D: So anyway, they really liked it, so my next stop was Zabar's in New York City, and they really liked it too. So I decided I would start a dessert business. Mom came on the scene six months later.
M: I really wanted to be in food, and it was nice, because I worked alone making these cakes, and everything was done by hand. I really enjoyed that aspect of it. That was our only cake for long time, until I got pregnant. Then, since I had to stay home, I started working on cakes in between pregnancies. You were responsible for the carrot cake. I was pregnant with you when I developed that cake.
Dad, you used to cater in a tricked out old hearse. Tell me about that.
D: I was catering one day at the Governor's mansion. My hearse was dying, and we had to push it up the driveway of the Governor's mansion. Not a good omen. Probably our best story delivering was after we did all of our deliveries, we went to a place called Kuruma Zushi and blew all our money.
M: All of it.
D: Sometimes we had to borrow money.
M: We also baked out of our house, which was illegal. But we lived in the ghetto, so nobody was going to say anything about it. These enormous chocolate trucks would pull up to the door, and nobody thought anything of it, because they were all running their own illegal businesses at the time.
How did you two get through the hard times? Mom, I remember you getting up at four a.m. to bake cakes.
M: I actually got up at 2:45 a.m. To this day, I don't know how I did it. These were my choices: I could have either put you in day care, or get up at that hour, work eight hours, and then be home with you. And I figured whatever the physical stress of getting up early was, the mental stress of not being with you guys would have been worse, so I used to get my work done by ten. Then I got a chance to be home with you guys, even though I would fall asleep promptly at seven each night.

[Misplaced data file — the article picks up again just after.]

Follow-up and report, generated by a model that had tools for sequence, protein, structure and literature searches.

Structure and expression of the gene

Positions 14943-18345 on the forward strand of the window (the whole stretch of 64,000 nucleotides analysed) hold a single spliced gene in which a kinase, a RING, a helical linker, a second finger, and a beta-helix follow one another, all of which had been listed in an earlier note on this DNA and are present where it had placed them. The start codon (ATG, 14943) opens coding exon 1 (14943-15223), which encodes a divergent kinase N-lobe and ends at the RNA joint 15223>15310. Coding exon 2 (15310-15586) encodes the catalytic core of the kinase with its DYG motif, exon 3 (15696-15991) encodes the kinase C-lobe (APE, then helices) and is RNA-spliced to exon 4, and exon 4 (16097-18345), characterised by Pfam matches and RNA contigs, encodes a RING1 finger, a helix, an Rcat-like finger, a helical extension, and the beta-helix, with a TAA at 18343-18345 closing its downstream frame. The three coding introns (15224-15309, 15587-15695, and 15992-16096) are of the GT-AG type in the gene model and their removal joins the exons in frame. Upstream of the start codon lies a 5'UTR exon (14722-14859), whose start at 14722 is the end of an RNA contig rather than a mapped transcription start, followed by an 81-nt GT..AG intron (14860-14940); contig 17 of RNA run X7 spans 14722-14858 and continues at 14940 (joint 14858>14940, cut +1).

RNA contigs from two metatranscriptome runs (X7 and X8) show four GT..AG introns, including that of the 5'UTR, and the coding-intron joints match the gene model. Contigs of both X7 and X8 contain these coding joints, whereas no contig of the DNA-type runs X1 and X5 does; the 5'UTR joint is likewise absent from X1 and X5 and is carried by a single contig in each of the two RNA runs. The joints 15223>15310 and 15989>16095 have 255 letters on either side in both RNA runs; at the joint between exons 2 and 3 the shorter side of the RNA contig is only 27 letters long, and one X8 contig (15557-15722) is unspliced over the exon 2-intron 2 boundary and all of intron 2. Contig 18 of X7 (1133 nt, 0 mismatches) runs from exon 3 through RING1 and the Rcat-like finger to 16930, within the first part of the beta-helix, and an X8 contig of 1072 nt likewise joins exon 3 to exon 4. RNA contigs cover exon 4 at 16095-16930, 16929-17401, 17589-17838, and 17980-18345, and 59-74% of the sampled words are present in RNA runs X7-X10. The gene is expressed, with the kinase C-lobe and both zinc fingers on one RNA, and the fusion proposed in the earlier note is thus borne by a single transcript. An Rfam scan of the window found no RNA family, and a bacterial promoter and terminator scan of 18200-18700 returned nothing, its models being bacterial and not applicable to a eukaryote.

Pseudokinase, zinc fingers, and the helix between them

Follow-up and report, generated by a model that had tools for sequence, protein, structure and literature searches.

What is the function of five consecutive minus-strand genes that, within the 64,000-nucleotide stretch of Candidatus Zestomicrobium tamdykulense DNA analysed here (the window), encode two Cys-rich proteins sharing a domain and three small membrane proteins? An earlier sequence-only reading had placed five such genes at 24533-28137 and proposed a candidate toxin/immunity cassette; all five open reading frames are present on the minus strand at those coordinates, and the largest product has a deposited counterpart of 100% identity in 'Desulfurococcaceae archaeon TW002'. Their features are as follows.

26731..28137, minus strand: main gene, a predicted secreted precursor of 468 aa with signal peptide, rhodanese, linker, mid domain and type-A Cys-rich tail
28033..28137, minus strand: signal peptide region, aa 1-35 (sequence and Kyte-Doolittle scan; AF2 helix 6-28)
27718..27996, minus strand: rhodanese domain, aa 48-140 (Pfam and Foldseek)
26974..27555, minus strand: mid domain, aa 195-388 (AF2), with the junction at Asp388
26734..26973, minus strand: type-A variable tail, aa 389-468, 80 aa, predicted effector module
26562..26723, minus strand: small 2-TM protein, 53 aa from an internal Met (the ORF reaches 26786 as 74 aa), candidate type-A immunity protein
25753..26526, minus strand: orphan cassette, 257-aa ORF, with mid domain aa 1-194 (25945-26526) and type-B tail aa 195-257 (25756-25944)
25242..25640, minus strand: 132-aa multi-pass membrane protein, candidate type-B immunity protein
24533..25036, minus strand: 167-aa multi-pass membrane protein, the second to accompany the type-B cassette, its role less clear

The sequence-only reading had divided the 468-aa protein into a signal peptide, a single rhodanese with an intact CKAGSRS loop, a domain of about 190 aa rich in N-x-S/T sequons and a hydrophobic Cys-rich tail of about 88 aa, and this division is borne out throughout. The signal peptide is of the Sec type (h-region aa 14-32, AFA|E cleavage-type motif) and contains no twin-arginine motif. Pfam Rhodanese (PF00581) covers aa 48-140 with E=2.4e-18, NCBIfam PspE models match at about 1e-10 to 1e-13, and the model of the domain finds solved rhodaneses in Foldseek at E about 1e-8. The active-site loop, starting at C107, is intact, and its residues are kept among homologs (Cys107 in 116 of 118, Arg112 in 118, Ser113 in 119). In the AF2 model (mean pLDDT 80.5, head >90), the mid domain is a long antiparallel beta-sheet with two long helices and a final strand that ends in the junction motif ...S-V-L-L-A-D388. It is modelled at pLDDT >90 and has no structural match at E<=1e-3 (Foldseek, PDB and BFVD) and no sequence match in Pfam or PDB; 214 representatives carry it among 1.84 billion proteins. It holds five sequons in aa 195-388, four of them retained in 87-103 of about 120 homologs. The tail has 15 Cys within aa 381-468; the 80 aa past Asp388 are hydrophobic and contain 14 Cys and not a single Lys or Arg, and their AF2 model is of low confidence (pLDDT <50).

Give me your scariest story about opening up a bakery by yourself in the worst part of Hartford at three in the morning.
M: The parking lot of the building looks like it was bombed, first of all. And to save electricity, they would turn off every other light, so the hallways were darkened. One December, I had gotten a Christmas tree for the whole crew and I went out and bought presents for everybody. I was so happy with myself because I'd thought about everybody and what they liked. Then I walked in at 3:30 in the morning and the window was open, the Christmas tree was overturned, and this motherfucker had stomped on the presents. Not stolen the presents, stomped on the presents. So I called the police, and they told me to leave the building, because the person could still be there. I told them I couldn't leave, because I still had baking to do. So I went in and started mixing and I was getting more and more angry. Then I heard this noise, and I looked out into the hallway, and at the end of the hallway was a figure carrying a gun. I thought, "That's the guy who destroyed my tree!" So I was demented. I had a paddle to stir the butter and the chocolate with, and I went running down the hallway screaming this war cry. And it was a policeman! He saw me running down the hallway and drew his gun, because he couldn't see what was going on, and then as I got closer and closer, he was like: "What are you doing? Don't you realize you shouldn't charge a policeman, waving a paddle!" And I said, "I want you to find the man that stomped my presents!" Now, in retrospect, I realize that was stupid. The police said, "Don't waste your time — this guy is never going to get caught." After that, I took up martial arts and went on to become a black belt.